The Coffin case reminds us clearly of a way of doing things that, we must hope, will never return.

The manner in which he was detained and evidence was admitted, and the very unfairness of the trial, remind us clearly of how much things have changed and how sad it is that in 1953, 1954, 1955 and 1956 there were people who were deaf to the appeal voiced by many others, including the former journalist and senator Jacques Hébert.

I want to take this opportunity—and I am sure that my colleagues will join me—to thank the member for Gaspésie—Îles-de-la-Madeleine. He has done his job as a member. He is the kind of member we like to see, someone who stays close to the people, someone who does not shirk his responsibilities.

I repeat: in the Coffin case, there is no statute of limitations, there is no chance that it will be forgotten and there is no possibility that time will erase the injustices.

What is this about? Three Americans who loved to hunt traveled to the Gaspé. The Gaspé played host to an impressive number of tourists at the time. Obviously, we hope that the Gaspé will continue to host large numbers of tourists, because it is one of the most beautiful places in Quebec, with all that nature has to offer, and all of the hospitality that the people who live there show to tourists.

Wilbert Coffin, a mining prospector, was the guide for a party of people who wanted to go on a hunting trip that was to last about ten days. These Americans had come here, to the Gaspé, to go on a hunting trip and to have a holiday that, we might think, they hoped would provide them with tranquility and relaxation. Members must remember that at the time, Americans were regular visitors to the Gaspé and tourism was a major industry in that region.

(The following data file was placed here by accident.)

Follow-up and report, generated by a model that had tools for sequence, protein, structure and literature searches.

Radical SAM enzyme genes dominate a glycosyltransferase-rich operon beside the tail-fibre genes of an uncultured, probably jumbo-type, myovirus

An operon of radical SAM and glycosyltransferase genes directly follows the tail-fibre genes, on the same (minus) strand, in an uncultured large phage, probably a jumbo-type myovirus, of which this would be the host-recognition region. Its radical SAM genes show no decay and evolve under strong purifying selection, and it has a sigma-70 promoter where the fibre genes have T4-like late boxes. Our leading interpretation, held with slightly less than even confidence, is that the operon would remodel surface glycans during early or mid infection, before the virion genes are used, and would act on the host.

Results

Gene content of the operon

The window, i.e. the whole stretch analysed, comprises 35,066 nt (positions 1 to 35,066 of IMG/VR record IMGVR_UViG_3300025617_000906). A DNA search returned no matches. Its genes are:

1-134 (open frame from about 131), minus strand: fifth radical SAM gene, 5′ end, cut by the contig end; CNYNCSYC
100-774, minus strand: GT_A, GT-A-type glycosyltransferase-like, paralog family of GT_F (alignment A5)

These hunters, namely an American by the name of Lindsay, his son Richard and a family friend, set up camp and prepared for their hunting expedition. A few days later, they were found dead. This resulted in Wilbert Coffin's arrest in August 1953.

That is when parliamentarians should step in.

That is when the mechanisms provided for in the Criminal Code should be applied to ensure that justice is done. Under section 696, one such mechanism may be set into motion when there are reasonable grounds to believe that a miscarriage of justice has occurred, that the process did not take its due course. There is a long list of irregularities, starting with the conditions of detention, with Wilbert Coffin being detained for dozens of days in conditions that were just plain horrible, where he was subjected to physical abuse and intimidation, was kicked around and assaulted.

Of course, the worst irregularity, which in and of itself should justify reconsidering the whole Coffin affair, was the ties between the prosecutor in charge of Mr. Coffin's case and Maurice Duplessis' government. We recall and point out that Maurice Le Noblet Duplessis, the member for Trois-Rivières, was also the attorney general. As we know, in his capacity as attorney general, Maurice Duplessis directed not only that Coffin be found guilty, but also that he be executed because they did not want the tourism industry in the region of Quebec where this affair took place, namely the Gaspé, to be adversely affected.